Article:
Exercise breakdown: Why you should add the farmer’s carry to your workouts

By J. D.

Fellow Legionnaires know that one of the core exercises we often incorporate into Survival Legion workouts is the “farmer’s carry,” or “farmer’s walk,” as some people might know it.

Simply put, we use it a lot because it is such an excellent strength and core exercise.

“Loaded carries are great for training the grip, building muscle, work capacity, core strength, coordination, and even improving function of the shoulder girdle,” notes Brian Tabor at the Strong Made Simple website.

He writes that renowned strength coach Dan John is the guy who mainstreamed the farmer’s/loaded carry concept. Men’s Health notes:

Dan John discovered loaded carries by accident. It was 2001, and the strength coach was sidelined by injury. So he did farmer’s walks because he wanted to feel like he was still training. But when he recovered, a funny thing happened: “I looked and performed better.”

But even before John picked up on them, “Brooks Kubik wrote in the Dino Files that ‘The farmers walk is one of the most productive of all exercises.’

“And prior to Kubik, strongmen, coaches and strength athletes have long utilized carrying objects as both a training tool and competitive feat of strength,” Tabor said.

Okay — so what does the farmer’s carry/walk actually do?

It’s definitely a strength-building exercise and one that should be used to increase strength over time. That is, it may be a good idea to increase both the amount of weight you are carrying and the distance you are carrying it, to build both strength and stamina.

Not only do farmer’s carries build muscle mass and boost your overall strength, they increase grip strength, and that is a physical characteristic you can definitely use on the job.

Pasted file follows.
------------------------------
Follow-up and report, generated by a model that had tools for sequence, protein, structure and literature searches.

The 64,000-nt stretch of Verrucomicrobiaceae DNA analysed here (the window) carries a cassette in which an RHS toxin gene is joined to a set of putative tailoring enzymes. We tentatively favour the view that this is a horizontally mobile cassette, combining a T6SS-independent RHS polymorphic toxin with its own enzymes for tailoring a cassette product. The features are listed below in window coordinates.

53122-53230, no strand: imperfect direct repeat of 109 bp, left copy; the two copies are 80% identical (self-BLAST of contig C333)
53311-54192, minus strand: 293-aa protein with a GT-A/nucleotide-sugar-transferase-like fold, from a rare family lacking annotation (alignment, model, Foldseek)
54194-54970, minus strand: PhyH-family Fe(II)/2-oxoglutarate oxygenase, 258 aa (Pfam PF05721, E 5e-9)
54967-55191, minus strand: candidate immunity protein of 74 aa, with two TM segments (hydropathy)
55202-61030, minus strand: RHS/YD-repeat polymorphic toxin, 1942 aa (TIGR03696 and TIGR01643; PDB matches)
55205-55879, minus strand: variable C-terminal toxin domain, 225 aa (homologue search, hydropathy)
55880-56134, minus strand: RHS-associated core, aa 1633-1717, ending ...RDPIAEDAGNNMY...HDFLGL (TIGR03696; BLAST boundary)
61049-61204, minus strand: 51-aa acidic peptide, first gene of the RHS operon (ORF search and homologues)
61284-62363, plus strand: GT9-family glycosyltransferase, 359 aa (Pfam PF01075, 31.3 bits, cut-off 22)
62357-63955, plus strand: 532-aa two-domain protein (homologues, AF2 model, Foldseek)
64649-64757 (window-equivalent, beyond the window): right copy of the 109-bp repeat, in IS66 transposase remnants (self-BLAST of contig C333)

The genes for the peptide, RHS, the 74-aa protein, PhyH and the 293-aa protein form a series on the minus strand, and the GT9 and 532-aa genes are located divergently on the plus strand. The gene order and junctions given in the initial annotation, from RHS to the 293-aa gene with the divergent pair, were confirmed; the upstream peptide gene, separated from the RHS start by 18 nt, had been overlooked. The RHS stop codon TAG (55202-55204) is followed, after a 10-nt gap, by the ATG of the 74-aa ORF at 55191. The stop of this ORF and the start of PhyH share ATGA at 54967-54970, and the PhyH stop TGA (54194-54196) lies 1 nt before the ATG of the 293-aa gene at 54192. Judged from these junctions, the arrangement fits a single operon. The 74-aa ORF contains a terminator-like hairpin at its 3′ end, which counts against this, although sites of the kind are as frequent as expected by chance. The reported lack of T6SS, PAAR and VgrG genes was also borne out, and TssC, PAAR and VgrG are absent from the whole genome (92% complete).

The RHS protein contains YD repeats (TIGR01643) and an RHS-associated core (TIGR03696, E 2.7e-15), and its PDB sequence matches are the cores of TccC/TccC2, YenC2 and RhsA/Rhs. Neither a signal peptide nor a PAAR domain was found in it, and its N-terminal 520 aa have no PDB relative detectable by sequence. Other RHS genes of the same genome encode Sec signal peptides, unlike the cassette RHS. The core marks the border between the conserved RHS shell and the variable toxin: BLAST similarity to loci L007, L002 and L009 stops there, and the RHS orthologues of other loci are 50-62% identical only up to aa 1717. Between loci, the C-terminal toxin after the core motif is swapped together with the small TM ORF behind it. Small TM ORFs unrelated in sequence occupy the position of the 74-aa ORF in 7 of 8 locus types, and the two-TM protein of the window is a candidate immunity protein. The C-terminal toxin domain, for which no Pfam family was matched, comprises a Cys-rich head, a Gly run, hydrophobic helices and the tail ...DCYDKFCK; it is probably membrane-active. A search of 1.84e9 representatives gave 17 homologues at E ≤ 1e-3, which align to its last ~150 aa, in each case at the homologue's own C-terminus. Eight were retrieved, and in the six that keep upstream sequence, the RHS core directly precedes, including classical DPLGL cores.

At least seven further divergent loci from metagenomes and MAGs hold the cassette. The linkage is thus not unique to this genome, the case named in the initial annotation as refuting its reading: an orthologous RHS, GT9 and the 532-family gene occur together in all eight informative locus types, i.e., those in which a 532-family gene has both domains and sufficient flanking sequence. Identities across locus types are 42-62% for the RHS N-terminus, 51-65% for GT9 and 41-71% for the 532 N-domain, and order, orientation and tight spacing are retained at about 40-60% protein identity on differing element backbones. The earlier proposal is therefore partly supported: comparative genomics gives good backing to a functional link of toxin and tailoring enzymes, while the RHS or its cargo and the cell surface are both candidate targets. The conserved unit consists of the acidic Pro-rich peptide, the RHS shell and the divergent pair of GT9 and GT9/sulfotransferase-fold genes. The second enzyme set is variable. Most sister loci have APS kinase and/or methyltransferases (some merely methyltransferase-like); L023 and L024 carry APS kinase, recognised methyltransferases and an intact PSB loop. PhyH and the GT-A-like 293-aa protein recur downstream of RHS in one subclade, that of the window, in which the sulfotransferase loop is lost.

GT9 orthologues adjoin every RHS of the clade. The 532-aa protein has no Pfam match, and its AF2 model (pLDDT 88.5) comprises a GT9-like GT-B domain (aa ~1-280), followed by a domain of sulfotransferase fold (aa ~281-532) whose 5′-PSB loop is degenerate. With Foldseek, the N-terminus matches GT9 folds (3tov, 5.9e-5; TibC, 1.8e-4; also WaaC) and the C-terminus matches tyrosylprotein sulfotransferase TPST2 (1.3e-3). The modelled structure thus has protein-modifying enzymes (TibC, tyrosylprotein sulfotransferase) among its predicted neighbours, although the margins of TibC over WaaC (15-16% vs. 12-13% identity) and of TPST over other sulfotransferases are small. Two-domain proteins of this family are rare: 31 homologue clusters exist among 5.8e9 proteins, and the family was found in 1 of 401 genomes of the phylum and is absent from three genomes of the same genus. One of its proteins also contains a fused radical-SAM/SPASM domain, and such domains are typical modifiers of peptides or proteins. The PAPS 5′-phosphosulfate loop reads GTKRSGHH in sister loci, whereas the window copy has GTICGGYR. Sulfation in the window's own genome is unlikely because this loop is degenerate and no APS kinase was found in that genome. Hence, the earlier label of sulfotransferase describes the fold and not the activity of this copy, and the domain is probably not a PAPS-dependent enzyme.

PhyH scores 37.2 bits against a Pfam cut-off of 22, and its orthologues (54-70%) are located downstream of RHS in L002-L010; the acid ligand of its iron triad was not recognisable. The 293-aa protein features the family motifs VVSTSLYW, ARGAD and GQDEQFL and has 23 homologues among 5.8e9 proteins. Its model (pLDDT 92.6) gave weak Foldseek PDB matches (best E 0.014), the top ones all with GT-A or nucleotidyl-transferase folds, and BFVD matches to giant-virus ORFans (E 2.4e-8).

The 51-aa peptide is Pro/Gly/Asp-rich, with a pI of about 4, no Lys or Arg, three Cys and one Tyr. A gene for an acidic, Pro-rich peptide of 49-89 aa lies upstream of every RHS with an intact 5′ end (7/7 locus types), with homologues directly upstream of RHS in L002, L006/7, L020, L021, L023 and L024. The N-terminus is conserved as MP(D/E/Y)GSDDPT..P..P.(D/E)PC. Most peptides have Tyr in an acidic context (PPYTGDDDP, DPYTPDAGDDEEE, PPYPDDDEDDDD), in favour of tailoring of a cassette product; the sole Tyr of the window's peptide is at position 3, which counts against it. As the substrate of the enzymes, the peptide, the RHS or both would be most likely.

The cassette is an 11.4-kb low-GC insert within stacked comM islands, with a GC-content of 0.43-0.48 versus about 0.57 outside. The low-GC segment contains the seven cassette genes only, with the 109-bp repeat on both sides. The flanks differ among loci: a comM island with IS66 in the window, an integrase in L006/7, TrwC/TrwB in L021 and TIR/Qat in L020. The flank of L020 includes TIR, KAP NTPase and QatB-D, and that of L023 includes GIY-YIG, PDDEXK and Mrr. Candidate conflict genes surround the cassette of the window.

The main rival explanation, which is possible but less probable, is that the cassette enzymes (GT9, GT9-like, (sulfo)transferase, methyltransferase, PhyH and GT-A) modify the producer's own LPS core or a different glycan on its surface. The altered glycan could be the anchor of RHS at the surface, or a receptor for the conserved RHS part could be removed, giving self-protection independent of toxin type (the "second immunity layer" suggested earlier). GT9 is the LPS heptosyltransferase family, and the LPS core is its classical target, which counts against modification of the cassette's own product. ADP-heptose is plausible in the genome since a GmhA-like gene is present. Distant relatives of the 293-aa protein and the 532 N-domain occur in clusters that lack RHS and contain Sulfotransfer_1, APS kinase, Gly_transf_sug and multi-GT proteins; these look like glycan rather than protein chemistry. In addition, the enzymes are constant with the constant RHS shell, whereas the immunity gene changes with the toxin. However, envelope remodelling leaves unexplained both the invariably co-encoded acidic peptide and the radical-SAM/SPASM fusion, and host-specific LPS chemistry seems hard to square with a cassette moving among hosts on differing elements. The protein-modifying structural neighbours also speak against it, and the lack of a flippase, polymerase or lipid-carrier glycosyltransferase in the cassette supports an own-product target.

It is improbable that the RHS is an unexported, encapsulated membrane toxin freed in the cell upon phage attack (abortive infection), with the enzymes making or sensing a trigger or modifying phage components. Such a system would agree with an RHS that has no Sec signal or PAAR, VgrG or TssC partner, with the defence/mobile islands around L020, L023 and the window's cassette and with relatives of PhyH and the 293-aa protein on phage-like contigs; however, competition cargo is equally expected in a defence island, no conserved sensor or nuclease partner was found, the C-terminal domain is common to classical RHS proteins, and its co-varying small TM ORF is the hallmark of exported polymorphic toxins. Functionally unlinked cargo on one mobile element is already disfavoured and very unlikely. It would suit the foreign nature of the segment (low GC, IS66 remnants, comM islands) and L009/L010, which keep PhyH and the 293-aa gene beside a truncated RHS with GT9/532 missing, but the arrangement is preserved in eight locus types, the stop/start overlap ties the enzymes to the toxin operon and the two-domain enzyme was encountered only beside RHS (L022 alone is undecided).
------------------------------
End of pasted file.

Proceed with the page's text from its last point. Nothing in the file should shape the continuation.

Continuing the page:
Instead of just carrying weights or kettlebells, you could also carry kegs, stones, ropes, sandbags, and other unconventional objects to increase strength, grip, work capacity, athleticism, and endurance. And again, adding distance to the carry is important as well.

How do farmer’s carries improve core and overall strength? Tabor notes:

Charlie Weingroff, another awesome physical therapist, has discussed how he uses heavily loaded farmers walks to improve shoulder function. (9) Heavy farmers walks effectively coerce the shoulder blades to set into a stable position and stimulate a PNF “threat” response to activate the rotator cuff muscles. This leads to improvements in glenohumeral and scapular positioning or simply a stronger, more stable, shoulder.

Overhead carries, which we also incorporate into Survival Legion workouts, also improve this type of shoulder function.

Stack.com adds:

The Farmer’s Walk activates nearly every muscle group. The core braces and stabilizes the entire body. Grip strength in the hands, wrists and forearms is a necessity. The upper back works to keep the shoulders and chest from sagging. The legs obviously propel the walk, and the cardiovascular system is engaged throughout the entirety of the movement. As a result, your entire body is put to work burning fat and creating lean muscle stores.

“Loaded carries build work capacity,” John told Men’s Health. And while there are many other ways to build capacity, farmer’s carries are one of the safest, he adds. “It’s really hard to hurt yourself when you’re walking around.”

Police, fire, EMS, and military personnel can certainly benefit from a stronger grip, more strength, and better athleticism — which is why we add farmer’s carries to our workouts.

We need you all to be in great shape because you’re out there every day protecting and defending our communities and our country.

J. D. Dougherty, a former paramedic, firefighter, and 15-year military veteran of OEF, is co-founder of Survival Legion, a vet-owned company that stresses functional fitness and draws it’s uniqueness from the Roman Legions.

Leave a Reply

Fill in your details below or click an icon to log in:

WordPress.com Logo

You are commenting using your WordPress.com account. Log Out /  Change )

Google photo

You are commenting using your Google account. Log Out /  Change )

Twitter picture

You are commenting using your Twitter account. Log Out /  Change )

Facebook photo

You are commenting using your Facebook account. Log Out /  Change )

Connecting to %s

This site uses Akismet to reduce spam. Learn how your comment data is processed.